The Feast of the Presentation of Jesus at the Temple celebrates an early episode in the life of Jesus, and falls on or around 2 February. In the Eastern Orthodox Church, it is one of the twelve Great Feasts, and is sometimes called Hypapante (lit., ‘Meeting’). Other traditional names include Candlemas, the Feast of the Purification of the Virgin, and the Meeting of the Lord.
The event is described in the Gospel of Luke 2:22–40. According to the gospel, Mary and Joseph took the baby Jesus to the Temple in Jerusalem forty days after his birth to complete Mary’s purification after childbirth, and to perform the redemption of the firstborn, in obedience to the Law of Moses (Leviticus 12, Exodus 13:12-15 etc.).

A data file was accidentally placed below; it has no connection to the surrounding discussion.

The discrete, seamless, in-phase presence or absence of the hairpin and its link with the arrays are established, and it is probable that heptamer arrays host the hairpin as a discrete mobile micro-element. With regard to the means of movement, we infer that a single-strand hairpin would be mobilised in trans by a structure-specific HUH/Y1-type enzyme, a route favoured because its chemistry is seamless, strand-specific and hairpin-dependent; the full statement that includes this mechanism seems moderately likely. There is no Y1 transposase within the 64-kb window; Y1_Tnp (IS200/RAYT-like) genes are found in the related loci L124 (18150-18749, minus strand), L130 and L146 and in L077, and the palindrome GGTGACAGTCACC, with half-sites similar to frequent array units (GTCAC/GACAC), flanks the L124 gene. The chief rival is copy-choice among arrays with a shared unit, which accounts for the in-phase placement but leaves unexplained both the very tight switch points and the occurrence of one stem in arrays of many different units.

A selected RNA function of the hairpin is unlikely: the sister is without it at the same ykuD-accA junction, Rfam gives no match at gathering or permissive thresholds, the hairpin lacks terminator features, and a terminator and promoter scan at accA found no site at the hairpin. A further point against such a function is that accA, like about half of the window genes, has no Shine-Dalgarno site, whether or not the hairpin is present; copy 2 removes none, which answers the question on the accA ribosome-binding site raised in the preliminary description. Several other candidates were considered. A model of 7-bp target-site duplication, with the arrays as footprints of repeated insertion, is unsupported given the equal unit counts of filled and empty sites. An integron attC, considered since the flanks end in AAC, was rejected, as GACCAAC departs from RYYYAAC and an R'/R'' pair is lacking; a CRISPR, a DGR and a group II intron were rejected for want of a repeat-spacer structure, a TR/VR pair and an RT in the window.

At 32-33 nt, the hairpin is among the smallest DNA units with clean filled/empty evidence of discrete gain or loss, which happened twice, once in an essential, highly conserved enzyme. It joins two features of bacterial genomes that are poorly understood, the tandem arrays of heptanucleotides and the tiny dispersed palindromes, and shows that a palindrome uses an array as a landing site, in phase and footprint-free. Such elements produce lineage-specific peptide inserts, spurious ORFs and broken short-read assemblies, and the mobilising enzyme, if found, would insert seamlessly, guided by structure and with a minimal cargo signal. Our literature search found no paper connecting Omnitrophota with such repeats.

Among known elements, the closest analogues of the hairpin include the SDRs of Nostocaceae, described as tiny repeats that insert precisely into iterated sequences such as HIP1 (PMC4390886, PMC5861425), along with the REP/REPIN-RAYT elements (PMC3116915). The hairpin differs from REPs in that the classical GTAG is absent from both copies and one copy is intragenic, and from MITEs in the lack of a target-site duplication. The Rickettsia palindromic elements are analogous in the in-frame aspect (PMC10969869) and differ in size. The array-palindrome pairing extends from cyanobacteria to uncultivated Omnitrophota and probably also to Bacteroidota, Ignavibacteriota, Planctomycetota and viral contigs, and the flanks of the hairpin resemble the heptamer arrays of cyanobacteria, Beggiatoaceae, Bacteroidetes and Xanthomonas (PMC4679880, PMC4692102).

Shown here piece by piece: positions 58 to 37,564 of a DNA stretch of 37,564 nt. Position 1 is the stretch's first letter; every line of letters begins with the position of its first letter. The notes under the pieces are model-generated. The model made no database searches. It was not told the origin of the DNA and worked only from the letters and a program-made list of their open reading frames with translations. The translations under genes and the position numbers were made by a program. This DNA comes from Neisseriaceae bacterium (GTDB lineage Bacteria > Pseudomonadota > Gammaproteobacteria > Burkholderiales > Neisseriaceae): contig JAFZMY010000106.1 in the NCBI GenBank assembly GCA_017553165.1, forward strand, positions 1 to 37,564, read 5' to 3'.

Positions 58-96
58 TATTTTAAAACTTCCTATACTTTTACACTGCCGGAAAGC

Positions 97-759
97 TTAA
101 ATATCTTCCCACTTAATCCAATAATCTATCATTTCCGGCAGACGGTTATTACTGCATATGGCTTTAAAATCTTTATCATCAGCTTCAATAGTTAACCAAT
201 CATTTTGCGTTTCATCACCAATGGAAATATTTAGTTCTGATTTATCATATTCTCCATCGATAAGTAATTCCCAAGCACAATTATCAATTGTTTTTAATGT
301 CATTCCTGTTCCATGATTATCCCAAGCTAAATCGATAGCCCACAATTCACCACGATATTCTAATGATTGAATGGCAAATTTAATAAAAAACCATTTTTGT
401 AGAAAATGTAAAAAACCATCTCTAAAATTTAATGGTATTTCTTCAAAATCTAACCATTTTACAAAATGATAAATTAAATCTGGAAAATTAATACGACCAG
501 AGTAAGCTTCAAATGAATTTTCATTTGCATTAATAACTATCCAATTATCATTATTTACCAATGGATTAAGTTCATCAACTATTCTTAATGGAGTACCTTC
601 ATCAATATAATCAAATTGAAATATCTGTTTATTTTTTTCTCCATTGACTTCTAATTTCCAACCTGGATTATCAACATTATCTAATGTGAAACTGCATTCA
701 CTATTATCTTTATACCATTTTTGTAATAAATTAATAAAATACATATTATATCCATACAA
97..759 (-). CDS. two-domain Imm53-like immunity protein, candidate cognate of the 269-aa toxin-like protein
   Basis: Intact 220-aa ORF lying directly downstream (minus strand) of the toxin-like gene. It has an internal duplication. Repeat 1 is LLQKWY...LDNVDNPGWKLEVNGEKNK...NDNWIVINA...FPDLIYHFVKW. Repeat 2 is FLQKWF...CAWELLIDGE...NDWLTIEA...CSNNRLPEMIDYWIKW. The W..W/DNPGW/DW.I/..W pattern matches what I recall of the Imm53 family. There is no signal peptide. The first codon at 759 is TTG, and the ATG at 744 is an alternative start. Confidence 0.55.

Upon bringing Jesus into the temple, the Holy Family encountered Simeon the Righteous. The Gospel records that Simeon had been promised that “he should not see death before he had seen the Messiahof the Lord.” (Luke 2:26) Simeon prayed the prayer that would become known as the Nunc Dimittis, or Canticle of Simeon, which prophesied the redemption of the world by Jesus:
“Lord, now lettest Thou Thy servant depart in peace, according to Thy word, for mine eyes have seen Thy salvation, which Thou hast prepared before the face of all people, a light to enlighten the Gentiles, and the glory of Thy people Israel.” (Luke 2:29-32).
Simeon then prophesied to Mary: “Behold, this child is set for the fall and rising again of many in Israel; and for a sign which shall be spoken against—yea, a sword shall pierce through thy own soul also—that the thoughts of many hearts may be revealed” (Luke 2:34-35).
The elderly prophetess Anna was also in the Temple, and offered prayers and praise to God for Jesus, and spoke to everyone there about Jesus and his role in the redemption of Israel (Luke 2:36-38).